finite-element analyses [13]. It was showed that variation of plastic zone length at the base of
the cantilever wall depends on several parameters, such as the wall length, wall height, axial
load ratio, and the ratio of wall boundary element and the web horizontal reinforcement. In this
parametric investigation, a plastic hinge length expression was proposed dependent on wall
length, axial load ratio, wall horizontal web reinforcement ratio, and shear-span-to-wall-length
ratio equation (23).
M/V
)
0.45
(23)
P = axial force on the section, and fy and fc=yield stress of the longitudinal reinforcement and
compressive strength of the concrete, respectively, M/V= shear span , Lw = wall length and
ρsh=horizontal reinforcement of web section. The accuracy and reliability of the proposed
plastic hinge length equation was verified using the available shear wall test results. Moreover,
it was conducted a parametric study on the curvature distribution over the member length of RC
shear wall using a non-linear, two-dimensional, finite-element analysis procedure to propose a
simple model that can determine the potential plastic hinge region for seismic design [14]. It
was done on the basis of Bernoulli’s principle, strain compatibility condition an equilibrium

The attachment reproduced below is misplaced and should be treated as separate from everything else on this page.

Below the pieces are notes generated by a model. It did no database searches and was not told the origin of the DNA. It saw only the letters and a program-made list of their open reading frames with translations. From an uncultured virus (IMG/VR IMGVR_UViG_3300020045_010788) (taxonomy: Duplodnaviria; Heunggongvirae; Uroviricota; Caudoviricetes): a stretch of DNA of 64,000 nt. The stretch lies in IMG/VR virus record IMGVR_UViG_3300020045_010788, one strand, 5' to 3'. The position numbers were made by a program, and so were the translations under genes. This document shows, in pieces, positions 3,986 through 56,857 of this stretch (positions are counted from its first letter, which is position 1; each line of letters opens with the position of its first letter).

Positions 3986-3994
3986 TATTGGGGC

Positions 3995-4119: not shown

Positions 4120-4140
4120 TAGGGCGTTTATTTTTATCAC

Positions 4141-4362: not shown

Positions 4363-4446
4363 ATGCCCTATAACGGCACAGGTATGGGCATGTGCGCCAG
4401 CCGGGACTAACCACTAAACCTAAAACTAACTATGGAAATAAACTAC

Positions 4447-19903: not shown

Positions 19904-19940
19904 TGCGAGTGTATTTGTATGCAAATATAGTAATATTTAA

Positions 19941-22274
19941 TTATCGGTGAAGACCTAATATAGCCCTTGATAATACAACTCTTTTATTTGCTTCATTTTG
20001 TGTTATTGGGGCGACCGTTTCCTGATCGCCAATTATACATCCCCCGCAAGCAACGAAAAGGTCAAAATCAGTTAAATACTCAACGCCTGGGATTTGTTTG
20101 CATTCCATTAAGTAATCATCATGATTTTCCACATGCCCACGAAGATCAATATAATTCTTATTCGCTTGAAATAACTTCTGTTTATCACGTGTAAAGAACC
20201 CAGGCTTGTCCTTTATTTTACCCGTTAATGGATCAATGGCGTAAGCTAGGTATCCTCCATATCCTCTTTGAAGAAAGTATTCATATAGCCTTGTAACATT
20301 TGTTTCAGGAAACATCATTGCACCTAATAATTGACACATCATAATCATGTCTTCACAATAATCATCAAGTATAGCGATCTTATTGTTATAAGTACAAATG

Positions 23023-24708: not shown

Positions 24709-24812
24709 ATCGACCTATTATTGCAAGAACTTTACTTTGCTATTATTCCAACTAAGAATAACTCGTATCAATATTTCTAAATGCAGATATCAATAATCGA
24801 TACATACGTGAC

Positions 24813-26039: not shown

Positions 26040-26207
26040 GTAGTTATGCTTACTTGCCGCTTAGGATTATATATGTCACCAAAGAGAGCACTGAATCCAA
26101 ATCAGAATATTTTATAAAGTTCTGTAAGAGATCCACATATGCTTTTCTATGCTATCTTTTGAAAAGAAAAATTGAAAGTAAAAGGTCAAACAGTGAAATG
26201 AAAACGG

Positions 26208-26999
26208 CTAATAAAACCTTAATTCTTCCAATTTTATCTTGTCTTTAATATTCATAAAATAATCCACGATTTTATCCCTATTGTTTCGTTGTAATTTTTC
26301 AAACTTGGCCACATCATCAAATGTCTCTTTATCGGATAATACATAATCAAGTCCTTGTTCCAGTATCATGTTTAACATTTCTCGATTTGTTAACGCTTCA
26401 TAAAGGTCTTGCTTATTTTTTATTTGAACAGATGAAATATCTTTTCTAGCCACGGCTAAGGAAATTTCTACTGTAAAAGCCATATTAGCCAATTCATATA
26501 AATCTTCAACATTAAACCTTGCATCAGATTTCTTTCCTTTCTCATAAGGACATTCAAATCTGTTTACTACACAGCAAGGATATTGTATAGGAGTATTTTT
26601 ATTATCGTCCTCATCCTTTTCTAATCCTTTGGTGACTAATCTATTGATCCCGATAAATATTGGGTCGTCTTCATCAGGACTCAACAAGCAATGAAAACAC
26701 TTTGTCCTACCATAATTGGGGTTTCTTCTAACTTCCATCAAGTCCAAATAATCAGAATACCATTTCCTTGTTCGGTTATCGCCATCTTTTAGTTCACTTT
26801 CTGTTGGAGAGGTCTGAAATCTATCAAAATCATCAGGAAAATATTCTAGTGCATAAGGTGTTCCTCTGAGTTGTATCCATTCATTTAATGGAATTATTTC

condition of forces. They simply formulated the plastic hinge length of the shear wall as a
function of longitudinal tensile reinforcement index in the boundary element, vertical shear
reinforcement index in the web, and axial force index. The predicted length of plastic hinge is
shown in equation (24).
= + 1.3 +
1.4 (25)
= 0.38 −0.15 (
) > (27)
They concluded that the predicted plastic hinge length that was obtained from the present simple
model was in better agreement with test results than for the previous equations in that the mean,
standard deviation and coefficient of variation of the ratios between experiments and predictions
are 1.019, 0.102 and 0.100, respectively.
For these reasons, finite element analysis was conducted using ABAQUS software on several
models to investigate the parameters which have a significant effect on plastic deformation in
plastic zone. Also, this analysis is to obtain an equation for plastic hinge length of slender walls.
Several models will be created by including some parameters that decrease or prevent out of
plane buckling failure and to get an equation for plastic hinge length of slender walls using
ABAQUS finite element software. Before doing these models, a calibration model of a